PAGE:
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O'HARA: Lions bringing Quinn & Patricia back for 2020 season

Detroit Lions general manager Bob Quinn and head coach Matt Patricia are being brought back for the 2020 season, and with a mandate for better results after two losing seasons.

The decision to retain both was announced Tuesday to a select group of media members who cover the Lions regularly.

Franchise Owner and chairman Martha Firestone Ford, her daughter, Sheila Ford Hamp and team President Rod Wood spoke about the decision and other plans on a background basis.

There was an expressed expectation that the building program undertaken by Quinn and Patricia as a GM-coach tandem the last two years must lead to results on the field.

"We expect to be a playoff contender," Mrs. Ford said. "That means playing meaningful games in December."

That has not been the case the last two seasons with Patricia as head coach. The Lions were 6-10 in 2018 and are currently 3-10-1 with two games left – Sunday's road game against the Denver Broncos and the season finale against the Packers at Ford Field.

The Lions will have an opportunity to add quality players to the roster in the 2020 offseason. They will have a high draft pick – perhaps in the top five or higher – and are in good shape under the salary cap to go after a premium free agent. That could be a pass rusher, or a dynamic offensive player.

Quinn took over as GM in 2016, with Jim Caldwell the head coach for the last two seasons of his four-year tenure with the Lions. The Lions had been 11-5 and 7-9 in Caldwell's first two seasons, and 9-7 both years with one playoff appearance as a wild card with Quinn as GM.

Patricia was hired as head coach on Feb. 5, 2018, after 14 seasons with the Patriots, primarily as a defensive assistant. Quinn had a long stint in the Patriots' personnel department before coming to Detroit and had a close relationship with Patricia.

Sheila Ford Hamp said the decision to bring Quinn and Patricia back was not an easy one to make. There has been rampant speculation in recent weeks about Patricia's job security, and also about Quinn's to a lesser extent.

There have been some positive developments in this season – the fact that the team had the lead in the first 12 games being one of them – but they have been rightfully overshadowed by the win-loss record.

Among other things made clear in the meeting with the Fords and Wood were an acknowledgement of the negative impact roster-wide injuries have made on the team, the inability to hold leads and the expectation that Patricia will make changes in his staff of assistants.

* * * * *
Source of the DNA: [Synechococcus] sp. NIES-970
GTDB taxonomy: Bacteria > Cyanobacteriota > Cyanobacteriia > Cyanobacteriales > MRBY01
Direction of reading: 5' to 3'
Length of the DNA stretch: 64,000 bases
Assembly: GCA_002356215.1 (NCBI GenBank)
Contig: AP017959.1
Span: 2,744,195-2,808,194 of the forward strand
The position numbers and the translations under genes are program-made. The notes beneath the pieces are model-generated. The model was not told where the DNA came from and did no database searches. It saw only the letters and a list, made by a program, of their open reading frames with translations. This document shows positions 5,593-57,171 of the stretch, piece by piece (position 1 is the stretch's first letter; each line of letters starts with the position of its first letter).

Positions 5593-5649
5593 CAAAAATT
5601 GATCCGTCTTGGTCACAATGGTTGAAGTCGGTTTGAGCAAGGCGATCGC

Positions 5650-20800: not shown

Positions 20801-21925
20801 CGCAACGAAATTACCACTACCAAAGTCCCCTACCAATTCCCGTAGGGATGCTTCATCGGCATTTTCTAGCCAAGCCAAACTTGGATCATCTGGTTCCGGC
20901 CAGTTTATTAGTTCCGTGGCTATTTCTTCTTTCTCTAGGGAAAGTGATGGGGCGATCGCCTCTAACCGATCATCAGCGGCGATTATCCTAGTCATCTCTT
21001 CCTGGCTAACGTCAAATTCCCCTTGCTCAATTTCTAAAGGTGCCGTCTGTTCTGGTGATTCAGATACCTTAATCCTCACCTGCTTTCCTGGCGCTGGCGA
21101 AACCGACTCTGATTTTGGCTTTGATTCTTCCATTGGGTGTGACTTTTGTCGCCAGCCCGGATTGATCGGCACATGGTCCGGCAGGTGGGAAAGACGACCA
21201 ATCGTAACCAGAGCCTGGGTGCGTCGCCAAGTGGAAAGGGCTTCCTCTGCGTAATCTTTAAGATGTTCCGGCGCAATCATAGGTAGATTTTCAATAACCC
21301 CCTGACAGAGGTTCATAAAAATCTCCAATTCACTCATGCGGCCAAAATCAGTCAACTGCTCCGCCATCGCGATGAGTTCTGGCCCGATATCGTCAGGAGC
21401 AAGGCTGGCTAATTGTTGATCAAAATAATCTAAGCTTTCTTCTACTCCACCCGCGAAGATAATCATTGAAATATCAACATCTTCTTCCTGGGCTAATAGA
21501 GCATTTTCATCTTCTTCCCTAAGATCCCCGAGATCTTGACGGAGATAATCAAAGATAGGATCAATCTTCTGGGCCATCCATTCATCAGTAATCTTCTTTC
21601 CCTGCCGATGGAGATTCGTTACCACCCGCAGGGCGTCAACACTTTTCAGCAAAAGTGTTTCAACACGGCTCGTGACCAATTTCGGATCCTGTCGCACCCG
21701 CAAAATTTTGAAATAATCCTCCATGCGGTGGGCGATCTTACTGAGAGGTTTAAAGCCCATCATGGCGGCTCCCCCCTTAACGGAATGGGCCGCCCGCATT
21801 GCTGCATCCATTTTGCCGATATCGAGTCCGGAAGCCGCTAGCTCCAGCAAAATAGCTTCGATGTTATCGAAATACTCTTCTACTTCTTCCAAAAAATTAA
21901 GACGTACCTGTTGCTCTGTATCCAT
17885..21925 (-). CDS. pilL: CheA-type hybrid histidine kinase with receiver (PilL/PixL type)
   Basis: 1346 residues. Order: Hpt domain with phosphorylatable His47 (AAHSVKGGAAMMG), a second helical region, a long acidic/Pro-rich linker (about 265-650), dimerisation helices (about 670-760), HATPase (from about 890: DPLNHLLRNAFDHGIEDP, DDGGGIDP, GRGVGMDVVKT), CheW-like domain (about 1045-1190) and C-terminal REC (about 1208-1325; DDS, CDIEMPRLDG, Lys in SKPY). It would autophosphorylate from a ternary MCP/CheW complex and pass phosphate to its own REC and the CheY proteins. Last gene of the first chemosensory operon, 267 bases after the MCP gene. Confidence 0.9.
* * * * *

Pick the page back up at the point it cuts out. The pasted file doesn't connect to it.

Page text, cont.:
It also was clear that although the decision was made this time to bring both Quinn and Patricia back, they will be evaluated separately in the future.

There was also an acknowledgement that the won-loss record speaks for itself and is not nearly what was expected or wanted.

The 2019 season has been a disappointment by any measure. The bottom fell out after the Lions opened the season with a tie and two wins that left them in first place in the NFC North.

The Lions have won only one game since that start – a 31-26 victory over the New York Giants – and they have a seven-game losing streak heading into Sunday's road game against the Denver Broncos.

Making the decision now gives Patricia, in particular, a chance to jump start preparations for the 2020 season, if he chooses to do so with two meaningless games left in the 2019 regular season.

While the makeup of the roster is Quinn's domain – with consultation and input from Patricia – the head coach has critical decisions to make regarding his assistant coaches.

Darrell Bevell has performed as well as could be expected in his first season as offensive coordinator, but the defense has been a major disappointment in Paul Pasqualoni's second season as coordinator.

The defense regressed after a strong finish in 2018 that left the unit ranked 10th against the run and 10th in total yards allowed.

It has lacked a strong pass rush and the ability to generate turnovers, both of which were problem areas in 2018. And the defense failed to hold leads. The Lions had the lead in all of the first 12 games but managed only a tie and three wins.

The offense has been ravaged by injuries, none more crippling than the back and hip injuries that sidelined quarterback Matthew Stafford since the eighth game.

Stafford was playing at a level worthy of MVP consideration in the first eight games. His average of 312.4 passing yards per game remains second only to Tampa Bay Bucs quarterback Jameis Winston's average of 326.6.

Stafford had 19 touchdown passes against five interceptions, and an average of 8.6 yards per attempt – highest of his career and almost two full yards higher than his 6.8-yard average in 2018.

How thoroughly Stafford was dialed in to Bevell's offense was obvious in his last three games.

He completed 81 of 118 passes for 1,112 yards, 10 touchdowns and three interceptions. His passer rating for the three games was 116.2.

Quinn and Patricia will have an opportunity to solve the Lions' issues in 2020. The mandate is to do it.

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